The Impact of COVID-19 on Student Loan Borrowers

The Impact of COVID-19 on Student Loan Borrowers

The economic damage caused by the COVID-19 pandemic has left America’s student loan borrowers confused, stressed and exceedingly anxious about their abilities to pay back their loans, according to a recent survey

The survey, which was jointly conducted by the non-profit organization Student Debt Crisis and the social-impact startup Savi, received responses from nearly 39,000 student loan borrowers across all 50 U.S. states. 

The survey respondents were asked 46 questions about their experiences and feelings as student loan borrowers amid a global pandemic. 

Fifty-nine percent of the respondents reported feeling increased stress, anxiety and depression surrounding their ability to pay their loans.

Congress did provide relief to student loan borrowers through the CARES Act, which paused payments, interest and debt collections on federal student loans — but only for those owned by the U.S. Department of Education. Once this relief ends on September 30, 46 percent expect that they will still struggle to pay, according to the survey. 

“This data shows that many people with federal student loans are facing a financial disaster when relief ends,” Natalia Abrams, executive director of Student Debt Crisis, said in a statement. 

The survey also revealed that things look particularly bleak for older Americans, minorities and, notably, health care professionals and essential workers.

“It reminds us there are glaring outcome disparities for borrowers who are older or who are Black or Brown,” Abrams added. “And, sadly, it documents the student debt crisis facing essential workers and health care professionals.”

An overwhelming majority — 91 percent — of essential workers expect to either be unable to pay or struggle to pay their student loans when CARES Act relief ends, according to the survey. 

The figures are even worse for health care workers. More than 91 percent of them expect to struggle to make their student loan payments after September 30. Forty percent expect they won’t be able to make a single payment, and more than 14 percent expect to default. 

In part, this is because 53 percent of the survey respondents who work in the health care industry have had their hours reduced, lost their jobs or been furloughed. A loss of revenue amid the pandemic has forced the country’s hospitals to make significant cuts.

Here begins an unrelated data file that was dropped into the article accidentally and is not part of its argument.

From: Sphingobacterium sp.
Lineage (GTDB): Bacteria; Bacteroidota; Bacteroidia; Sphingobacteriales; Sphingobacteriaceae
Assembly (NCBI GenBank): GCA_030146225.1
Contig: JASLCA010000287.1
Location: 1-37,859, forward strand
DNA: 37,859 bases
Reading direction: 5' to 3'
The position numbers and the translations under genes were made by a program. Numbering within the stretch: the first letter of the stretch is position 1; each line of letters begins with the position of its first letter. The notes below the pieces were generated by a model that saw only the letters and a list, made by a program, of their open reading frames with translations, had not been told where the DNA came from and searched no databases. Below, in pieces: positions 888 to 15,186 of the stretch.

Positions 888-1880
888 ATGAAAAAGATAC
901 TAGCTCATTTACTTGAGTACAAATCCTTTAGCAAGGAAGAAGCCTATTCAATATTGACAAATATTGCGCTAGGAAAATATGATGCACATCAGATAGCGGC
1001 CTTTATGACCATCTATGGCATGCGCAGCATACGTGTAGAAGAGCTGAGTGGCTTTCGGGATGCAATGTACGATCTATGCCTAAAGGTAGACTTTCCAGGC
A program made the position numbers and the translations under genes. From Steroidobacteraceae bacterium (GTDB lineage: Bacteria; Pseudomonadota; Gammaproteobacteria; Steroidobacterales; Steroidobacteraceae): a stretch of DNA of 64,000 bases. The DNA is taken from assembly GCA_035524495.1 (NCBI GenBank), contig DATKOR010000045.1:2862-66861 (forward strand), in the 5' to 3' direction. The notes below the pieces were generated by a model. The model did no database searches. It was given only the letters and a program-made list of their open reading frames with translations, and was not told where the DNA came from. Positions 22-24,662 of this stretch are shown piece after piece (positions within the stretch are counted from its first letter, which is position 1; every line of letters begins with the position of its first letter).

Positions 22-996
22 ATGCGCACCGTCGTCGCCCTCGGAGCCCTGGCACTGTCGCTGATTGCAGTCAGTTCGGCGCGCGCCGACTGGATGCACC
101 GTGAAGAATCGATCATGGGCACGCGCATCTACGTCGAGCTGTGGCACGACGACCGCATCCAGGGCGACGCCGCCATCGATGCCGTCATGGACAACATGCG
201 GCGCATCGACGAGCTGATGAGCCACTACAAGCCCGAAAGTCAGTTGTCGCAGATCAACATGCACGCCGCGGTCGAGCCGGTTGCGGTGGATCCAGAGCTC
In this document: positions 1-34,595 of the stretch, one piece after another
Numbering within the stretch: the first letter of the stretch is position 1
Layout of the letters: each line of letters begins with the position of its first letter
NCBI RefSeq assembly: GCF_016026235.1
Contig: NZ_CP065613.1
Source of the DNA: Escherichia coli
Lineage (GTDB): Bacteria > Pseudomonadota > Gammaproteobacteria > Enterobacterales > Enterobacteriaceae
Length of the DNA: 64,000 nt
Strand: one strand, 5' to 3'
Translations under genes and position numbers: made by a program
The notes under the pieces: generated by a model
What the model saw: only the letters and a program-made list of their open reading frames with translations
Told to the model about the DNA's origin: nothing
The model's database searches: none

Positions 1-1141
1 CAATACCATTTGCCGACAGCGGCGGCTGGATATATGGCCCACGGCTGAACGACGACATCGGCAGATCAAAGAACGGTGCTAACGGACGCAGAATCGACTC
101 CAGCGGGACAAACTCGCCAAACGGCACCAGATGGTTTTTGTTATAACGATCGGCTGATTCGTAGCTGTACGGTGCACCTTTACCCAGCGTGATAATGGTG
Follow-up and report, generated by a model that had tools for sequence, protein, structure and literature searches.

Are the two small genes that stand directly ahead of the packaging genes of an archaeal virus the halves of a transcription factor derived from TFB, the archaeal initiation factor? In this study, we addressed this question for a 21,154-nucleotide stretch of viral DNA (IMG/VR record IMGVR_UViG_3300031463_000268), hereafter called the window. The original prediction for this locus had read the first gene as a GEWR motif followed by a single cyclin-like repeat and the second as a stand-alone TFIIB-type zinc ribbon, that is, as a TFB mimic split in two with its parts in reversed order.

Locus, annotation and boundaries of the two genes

Job loss is extraordinarily pronounced among those working in health care. But, they weren’t the only respondents who said their jobs and, in turn, their incomes were impacted by the pandemic. 

In total, 7,955 of 38,802 — about 20 percent — of respondents said they have had their hours reduced, lost their jobs or been furloughed. 

Older student loan borrowers — those over the age of 46 — were 50 percent more likely than borrowers between the ages of 18-45 to report that student loan debt during the pandemic contributed to bankruptcy or closing a small business. 

Additionally, more than 20 percent of the respondents said student loan payments made them unable to afford things like medicine or health care expenses during the pandemic. 

Another 20 percent said student loan payments made them experience food insecurity, and over 14 percent said their student loan payments forced them to miss a rent or mortgage payment.

These issues have been more evident among those in minority groups. 

According to the survey, “more than 22 percent of Latinx Americans are experiencing food insecurity as a result of their student loan payments, compared to over 17 percent of African Americans and 16 percent of white Americans.” 

Additionally, more than 11 percent of Latinx Americans and African Americans missed a rent or mortgage payment due to their student loan payments, compared to only 6.5 percent of white Americans. 

Borrowers didn’t know about resources available to them

Despite their financial struggles, 36 percent of federal loan borrowers who responded to the survey didn’t know that there was COVID-19 relief available through the CARES Act, and 40 percent didn’t know it was automatically applied. 

This confusion was also more prominent among minority borrowers. More than 43 percent of Native American respondents, 38 percent of African American respondents and 38 percent of Latinx American respondents said they were unaware of the CARES Act student loan aid, compared to 31 percent of white American respondents. 

The conductors of the survey attribute respondents’ confusions to a lack of appropriate communication. 

“Student loan relief only works if borrowers know it exists and understand the rules,” Aaron Smith, co-founder of Savi, said in a statement. “COVID-19 has only increased the burden of student loans, yet 1 out of 3 borrowers do not even know about the student relief passed by Congress. Borrowers need education and better tools to help reduce their debt.”

And then there is the issue of private student loan borrowers who were left out of the CARES Act. 

Some states, including California, Colorado, Connecticut, Illinois, Massachusetts, New Jersey, New York, Vermont, Virginia, Washington, Michigan, the District of Columbia and Rhode Island have established agreements with a number of private student loan companies to enable borrowers to opt in to relief. 

But according to the survey, 80 percent of private loan borrowers were unaware that COVID-19 relief exists for private loans. And 70 percent of private loan borrowers said they have not received any relief from their loan company. 

The University Network